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Outpatient mental health care, self-help groups, and patients' one-year treatment outcomes.
Moos R, Schaefer J, Andrassy J, Moos B. Outpatient mental health care, self-help groups, and patients' one-year treatment outcomes. Journal of Clinical Psychology. 2001 Mar 1; 57(3):273-87.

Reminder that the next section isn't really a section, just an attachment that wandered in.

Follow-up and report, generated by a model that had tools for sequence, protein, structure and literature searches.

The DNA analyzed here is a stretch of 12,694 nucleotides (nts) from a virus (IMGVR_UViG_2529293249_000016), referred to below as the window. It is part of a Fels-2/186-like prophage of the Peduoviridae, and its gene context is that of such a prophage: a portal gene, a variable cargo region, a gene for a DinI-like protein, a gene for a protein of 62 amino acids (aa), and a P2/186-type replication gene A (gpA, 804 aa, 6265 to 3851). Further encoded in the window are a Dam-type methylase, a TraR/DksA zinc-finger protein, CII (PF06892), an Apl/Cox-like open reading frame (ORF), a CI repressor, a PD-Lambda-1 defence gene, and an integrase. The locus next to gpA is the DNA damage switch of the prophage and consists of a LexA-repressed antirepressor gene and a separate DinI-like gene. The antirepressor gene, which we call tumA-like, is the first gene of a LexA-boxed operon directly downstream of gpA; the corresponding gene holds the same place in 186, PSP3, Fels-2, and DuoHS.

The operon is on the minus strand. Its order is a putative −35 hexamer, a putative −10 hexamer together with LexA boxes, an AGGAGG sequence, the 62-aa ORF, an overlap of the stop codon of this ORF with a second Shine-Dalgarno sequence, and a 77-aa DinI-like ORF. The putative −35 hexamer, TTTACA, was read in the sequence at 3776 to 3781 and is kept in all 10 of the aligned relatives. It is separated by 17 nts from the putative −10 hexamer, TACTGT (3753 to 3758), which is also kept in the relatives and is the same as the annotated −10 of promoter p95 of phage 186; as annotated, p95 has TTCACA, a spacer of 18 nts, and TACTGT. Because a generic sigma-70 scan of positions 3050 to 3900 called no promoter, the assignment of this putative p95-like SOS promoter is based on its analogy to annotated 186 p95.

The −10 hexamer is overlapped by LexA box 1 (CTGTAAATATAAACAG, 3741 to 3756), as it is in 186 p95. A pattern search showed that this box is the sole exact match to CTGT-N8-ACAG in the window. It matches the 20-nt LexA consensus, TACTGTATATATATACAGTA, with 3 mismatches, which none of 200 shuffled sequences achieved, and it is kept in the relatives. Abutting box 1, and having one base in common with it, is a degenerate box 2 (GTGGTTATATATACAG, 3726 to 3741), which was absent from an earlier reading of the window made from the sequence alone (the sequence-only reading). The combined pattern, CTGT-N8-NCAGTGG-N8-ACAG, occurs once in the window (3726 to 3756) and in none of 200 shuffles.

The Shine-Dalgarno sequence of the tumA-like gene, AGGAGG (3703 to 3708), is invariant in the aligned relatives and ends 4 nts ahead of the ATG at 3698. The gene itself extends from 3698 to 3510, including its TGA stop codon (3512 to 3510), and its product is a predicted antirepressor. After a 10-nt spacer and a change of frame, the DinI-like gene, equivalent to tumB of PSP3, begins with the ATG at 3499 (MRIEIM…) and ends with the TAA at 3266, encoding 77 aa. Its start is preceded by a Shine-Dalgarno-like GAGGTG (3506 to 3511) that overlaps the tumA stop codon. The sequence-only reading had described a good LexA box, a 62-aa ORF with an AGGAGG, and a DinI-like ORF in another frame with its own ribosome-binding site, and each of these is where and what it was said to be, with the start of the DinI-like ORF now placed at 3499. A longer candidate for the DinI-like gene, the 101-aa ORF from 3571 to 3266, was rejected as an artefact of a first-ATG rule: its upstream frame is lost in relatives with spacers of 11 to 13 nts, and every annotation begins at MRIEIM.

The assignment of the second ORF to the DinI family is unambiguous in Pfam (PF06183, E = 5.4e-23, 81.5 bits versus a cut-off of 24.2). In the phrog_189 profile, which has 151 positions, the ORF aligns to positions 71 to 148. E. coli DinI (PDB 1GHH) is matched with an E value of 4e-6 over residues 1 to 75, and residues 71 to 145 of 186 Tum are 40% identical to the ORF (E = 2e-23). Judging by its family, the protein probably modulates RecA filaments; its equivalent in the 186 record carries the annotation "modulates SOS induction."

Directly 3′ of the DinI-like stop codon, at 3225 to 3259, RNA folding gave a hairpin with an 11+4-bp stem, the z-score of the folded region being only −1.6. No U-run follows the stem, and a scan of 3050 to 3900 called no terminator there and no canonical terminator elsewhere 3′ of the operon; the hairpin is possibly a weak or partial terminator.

OBJECTIVE: To examine the association between the duration and amount of outpatient mental health care, participation in self-help groups, and patients' casemix-adjusted one-year outcomes. METHODS: A total of 2,376 patients with substance use disorders, 35% of whom also had psychiatric disorders, were assessed at entry to treatment and at a one-year follow-up. Information about the duration and amount of outpatient mental health care was obtained from a centralized health services utilization database. RESULTS: Patients who obtained regular outpatient mental health care over a longer interval and patients who attended more self-help group meetings had better one-year substance use and social functioning outcomes than did patients who were less involved in formal and informal care. The amount of outpatient mental health care did not independently predict one-year outcomes. CONCLUSIONS: The duration of outpatient mental health care and the level of self-help involvement are independently associated with less substance use and more positive social functioning. The provision of low intensity treatment for a longer time interval may be a cost-effective way to enhance substance abuse and psychiatric patients' long-term outcomes.Copyright 2001 John Wiley and Sons, Inc.